As the global economy marks a sharp decline amid the persisting COVID-19 pandemic, South Korea will see its economy expand 0.2 percent this year before rebounding to 3.9 percent growth level next year, according to a state-affiliated think tank.
But this modest figure, which is higher than the outlook suggested by other international institutions and private think tanks, is anticipated to face challenges down the road due to global economic uncertainties.
“Our economy will grow 0.2 percent (on-year) in 2020 amid drastic contraction of private consumption and exports, and recover in 2021 to reach 3.9 percent growth,” Korea Development Institute, affiliated with the Ministry of Economy and Finance, said in its half-year economic outlook report.
KDI anticipated that inflation will remain in the mid-zero percent range throughout the year due to sluggish economy and low oil prices, before climbing slightly in 2021.
The country will maintain the employment level as the government’s fiscal spending partly offset the massive job losses in the service sector and will add some 200,000 new jobs in 2021, it added.
KDI’s outlook is in sharp contrast to private institutions and international organizations.
The Korea Economic Research Institute suggested last month that the economy is likely to contract 2.3 percent in 2020 from a year earlier, marking the first negative growth since 1998 in the wake of the Asian financial crisis.
Global investment banks and credit ratings agencies also forecast a negative growth for Asia’s fourth-largest economy this year -- with Morgan Stanley suggesting minus 1 percent, Fitch coming up with minus 0.2 percent, and Moody’s with minus 0.5 percent.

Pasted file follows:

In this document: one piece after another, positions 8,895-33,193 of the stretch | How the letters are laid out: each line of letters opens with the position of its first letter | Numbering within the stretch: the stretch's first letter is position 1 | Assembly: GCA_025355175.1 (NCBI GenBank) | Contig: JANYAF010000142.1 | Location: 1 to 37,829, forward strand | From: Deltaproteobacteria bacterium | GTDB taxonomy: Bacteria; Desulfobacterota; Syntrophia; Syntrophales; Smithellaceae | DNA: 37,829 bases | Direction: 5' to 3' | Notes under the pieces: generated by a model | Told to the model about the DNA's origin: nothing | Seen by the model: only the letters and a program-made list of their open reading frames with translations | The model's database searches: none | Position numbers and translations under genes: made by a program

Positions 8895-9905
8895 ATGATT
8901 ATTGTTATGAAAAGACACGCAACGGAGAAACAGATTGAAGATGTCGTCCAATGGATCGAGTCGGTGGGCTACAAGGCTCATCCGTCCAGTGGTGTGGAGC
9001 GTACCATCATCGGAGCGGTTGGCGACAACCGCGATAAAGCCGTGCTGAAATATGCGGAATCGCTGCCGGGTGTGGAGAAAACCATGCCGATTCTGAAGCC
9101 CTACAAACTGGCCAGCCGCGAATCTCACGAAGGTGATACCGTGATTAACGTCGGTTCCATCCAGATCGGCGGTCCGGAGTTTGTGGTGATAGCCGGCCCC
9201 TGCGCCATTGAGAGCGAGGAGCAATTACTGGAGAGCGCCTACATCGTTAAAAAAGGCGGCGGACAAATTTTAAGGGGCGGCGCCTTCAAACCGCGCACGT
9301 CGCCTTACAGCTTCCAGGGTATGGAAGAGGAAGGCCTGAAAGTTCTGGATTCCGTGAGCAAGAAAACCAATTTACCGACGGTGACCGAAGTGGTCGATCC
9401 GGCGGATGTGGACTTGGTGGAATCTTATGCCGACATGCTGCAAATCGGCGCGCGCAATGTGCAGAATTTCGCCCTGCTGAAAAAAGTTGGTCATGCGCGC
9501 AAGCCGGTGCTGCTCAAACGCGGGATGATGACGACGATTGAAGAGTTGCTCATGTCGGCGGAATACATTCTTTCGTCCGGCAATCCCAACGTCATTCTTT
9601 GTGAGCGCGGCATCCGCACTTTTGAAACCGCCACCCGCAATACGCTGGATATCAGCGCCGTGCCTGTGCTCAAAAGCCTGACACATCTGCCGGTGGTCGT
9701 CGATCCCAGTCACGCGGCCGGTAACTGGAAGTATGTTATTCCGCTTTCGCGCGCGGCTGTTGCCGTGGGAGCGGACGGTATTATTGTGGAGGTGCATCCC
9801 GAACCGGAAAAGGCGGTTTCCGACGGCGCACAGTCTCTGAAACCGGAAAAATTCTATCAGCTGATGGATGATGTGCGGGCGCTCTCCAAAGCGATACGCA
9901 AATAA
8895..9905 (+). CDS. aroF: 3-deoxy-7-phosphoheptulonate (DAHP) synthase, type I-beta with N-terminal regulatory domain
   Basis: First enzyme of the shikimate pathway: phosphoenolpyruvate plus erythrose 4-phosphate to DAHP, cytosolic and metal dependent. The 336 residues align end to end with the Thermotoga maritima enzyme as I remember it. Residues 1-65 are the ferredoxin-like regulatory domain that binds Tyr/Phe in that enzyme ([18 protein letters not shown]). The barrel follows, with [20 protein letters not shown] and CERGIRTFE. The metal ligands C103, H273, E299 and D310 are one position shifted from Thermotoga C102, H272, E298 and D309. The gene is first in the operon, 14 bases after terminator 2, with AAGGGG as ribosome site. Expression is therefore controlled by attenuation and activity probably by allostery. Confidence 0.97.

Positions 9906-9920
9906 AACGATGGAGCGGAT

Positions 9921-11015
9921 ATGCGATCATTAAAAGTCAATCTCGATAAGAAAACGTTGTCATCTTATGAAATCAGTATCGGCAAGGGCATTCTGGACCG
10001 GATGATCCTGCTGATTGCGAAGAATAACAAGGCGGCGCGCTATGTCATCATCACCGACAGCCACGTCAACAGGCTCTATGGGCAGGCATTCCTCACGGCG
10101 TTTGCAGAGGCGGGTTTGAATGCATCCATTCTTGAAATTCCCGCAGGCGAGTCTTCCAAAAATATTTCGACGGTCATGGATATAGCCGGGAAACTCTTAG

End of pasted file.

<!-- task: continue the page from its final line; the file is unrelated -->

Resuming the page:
Asian Development Bank was one of the few to predict a positive growth forecast for Korea -- 1.3 percent on-year, which was down 1 percent from the previously suggested 2.3 percent.
“(Our latest forecast) was built on the premise that the global economy will dip steeply during the first half of the year and then recover gradually from the second half,” the KDI report said.
It also assumes that the benchmark Dubai crude prices will be an average of around $35 per barrel this year and $40 per barrel next year, while the Korean won value will depreciate more or less 4 percent this year and remain steady next year.
The challenge, however, is that these perspectives on the global economy are continuously subject to change due to the persisting epidemic crisis.
In April, in light of the continued spread of the new coronavirus, the International Monetary Fund suggested that the global economy this year will contract 3 percent from a year earlier -- down 6.3 percent from the earlier 3.6 percent -- and rebound to a 5.8 percent growth level in 2021.
But volatility has increased as the IMF has recently shown signals that it may further lower its figures.
In late April, Managing Director Kristalina Georgieva expressed mounting concerns on the global economic recovery pace, implying that the organization may have to revise the growth rate down from the 3 percent contraction for this year and 5.8 percent for next year.
By Bae Hyun-jung (email@example.com